Celebrating India’s forests: The lungs of our land
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Google “India forest threats” and dozens of news stories pop up. These are reports on timber smuggling, animal poaching, wildfires and illegal mining. The biannual State Of The Forest 2017 report, released in February by the Forest Survey of India, celebrates a 1% increase in cover.
But the claim has been described as misleading by conservationists, who ascribe the small increase to plantations of a single or few varieties of trees that host very little biodiversity compared to natural forests.
Through it all, one fact remains uncontested: At 21.5%, the country is still far short of its target of 33% forest cover.
Other countries seem to be doing better. According to World Bank figures, India’s neighbour, Bhutan, has a forest cover of 72%. In Vietnam, where forest cover had depleted significantly in the 1980s, it is up to 47% now. Costa Rica has successfully stopped and reversed deforestation, upping its cover to over 54%.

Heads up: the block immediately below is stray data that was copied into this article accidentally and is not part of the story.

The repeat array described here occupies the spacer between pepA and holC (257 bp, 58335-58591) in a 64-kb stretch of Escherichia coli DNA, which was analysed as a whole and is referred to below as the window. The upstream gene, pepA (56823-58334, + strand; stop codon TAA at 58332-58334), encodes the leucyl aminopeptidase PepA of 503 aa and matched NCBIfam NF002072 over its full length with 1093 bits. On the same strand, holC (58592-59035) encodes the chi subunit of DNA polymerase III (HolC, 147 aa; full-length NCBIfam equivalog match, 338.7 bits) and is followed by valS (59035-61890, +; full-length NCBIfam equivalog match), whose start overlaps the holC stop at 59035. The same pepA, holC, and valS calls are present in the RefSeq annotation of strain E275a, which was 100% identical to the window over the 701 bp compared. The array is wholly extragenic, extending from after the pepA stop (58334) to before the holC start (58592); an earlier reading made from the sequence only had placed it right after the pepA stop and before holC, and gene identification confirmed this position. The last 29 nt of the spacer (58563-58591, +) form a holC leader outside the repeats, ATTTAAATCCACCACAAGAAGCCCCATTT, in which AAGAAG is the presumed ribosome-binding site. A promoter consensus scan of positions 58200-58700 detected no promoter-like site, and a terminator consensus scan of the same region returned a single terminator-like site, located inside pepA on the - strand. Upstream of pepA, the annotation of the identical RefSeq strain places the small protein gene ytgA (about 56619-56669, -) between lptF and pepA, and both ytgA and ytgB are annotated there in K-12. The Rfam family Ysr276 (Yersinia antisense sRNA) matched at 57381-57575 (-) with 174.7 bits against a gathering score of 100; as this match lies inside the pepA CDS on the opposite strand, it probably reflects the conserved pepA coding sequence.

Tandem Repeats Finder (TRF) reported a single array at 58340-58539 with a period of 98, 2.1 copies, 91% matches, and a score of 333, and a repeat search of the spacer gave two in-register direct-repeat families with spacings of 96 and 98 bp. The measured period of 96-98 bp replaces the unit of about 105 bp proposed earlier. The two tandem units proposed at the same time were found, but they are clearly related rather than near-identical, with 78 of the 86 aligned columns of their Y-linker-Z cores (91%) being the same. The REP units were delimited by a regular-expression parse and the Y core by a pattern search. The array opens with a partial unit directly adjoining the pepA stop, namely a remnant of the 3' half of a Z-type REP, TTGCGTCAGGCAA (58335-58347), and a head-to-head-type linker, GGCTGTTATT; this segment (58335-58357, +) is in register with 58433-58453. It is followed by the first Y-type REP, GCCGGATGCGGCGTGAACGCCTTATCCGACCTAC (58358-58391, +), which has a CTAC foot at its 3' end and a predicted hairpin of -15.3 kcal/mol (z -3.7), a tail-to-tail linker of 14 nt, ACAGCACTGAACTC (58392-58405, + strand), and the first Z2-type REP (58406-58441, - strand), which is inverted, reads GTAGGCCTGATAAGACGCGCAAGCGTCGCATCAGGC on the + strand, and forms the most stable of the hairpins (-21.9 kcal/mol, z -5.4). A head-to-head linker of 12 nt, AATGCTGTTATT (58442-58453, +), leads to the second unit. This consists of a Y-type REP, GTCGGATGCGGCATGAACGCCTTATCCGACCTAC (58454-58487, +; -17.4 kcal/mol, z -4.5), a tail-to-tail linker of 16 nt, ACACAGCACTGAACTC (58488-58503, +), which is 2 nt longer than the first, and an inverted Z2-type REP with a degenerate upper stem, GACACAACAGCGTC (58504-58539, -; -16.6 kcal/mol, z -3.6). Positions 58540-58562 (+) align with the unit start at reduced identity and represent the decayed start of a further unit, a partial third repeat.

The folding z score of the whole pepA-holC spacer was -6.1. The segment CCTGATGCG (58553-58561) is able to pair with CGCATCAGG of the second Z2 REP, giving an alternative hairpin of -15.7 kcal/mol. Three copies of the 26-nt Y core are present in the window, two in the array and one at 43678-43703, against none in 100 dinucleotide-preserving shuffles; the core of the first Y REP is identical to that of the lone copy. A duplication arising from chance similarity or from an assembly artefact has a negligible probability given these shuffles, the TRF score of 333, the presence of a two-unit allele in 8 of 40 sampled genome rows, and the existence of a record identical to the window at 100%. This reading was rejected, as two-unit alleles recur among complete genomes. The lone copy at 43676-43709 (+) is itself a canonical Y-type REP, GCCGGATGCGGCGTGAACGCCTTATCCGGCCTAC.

With the International Day of Forests coming up on 21 March, there could be no better time to take a pledge to celebrate and protect India’s forests.
To tempt you to take that vow, Lounge asked photographer Dhritiman Mukherjee to put together a photo essay showcasing that diversity—from the pink and red hues of the rhododendron forests of West Bengal and Sikkim, to the muddy red waterfalls of the opulently green Western Ghats in the monsoon, and the rugged landscape of Rajasthan.
Mukherjee has travelled to the far corners of the world to photograph wild animals, birds and other creatures. He has trudged through the rainforests of the Congo, flown over the grasslands and golden dunes of Namibia that meld into the sea, sought out Birds of Paradise on the islands of Indonesia, and shivered in the frozen Arctic.
Travelling to these diverse forest landscapes, he says, he has realized that “India is a mini world”. Every kind of forest ecosystem and habitat is represented within its borders.
Our challenge, he says, is not just to conserve our forests but also their diversity. “Understanding ecosystems is a must. Planting trees everywhere is not the solution, we have to protect the arid forests and grasslands because these harbour unique life forms as well,” he adds.
Here’s a collection of his images from India, shot on long hikes, nights spent in hides, and at forest lodges without electricity, gas, or mobile signals, in the company of forests guards, naturalists, researchers and conservationists.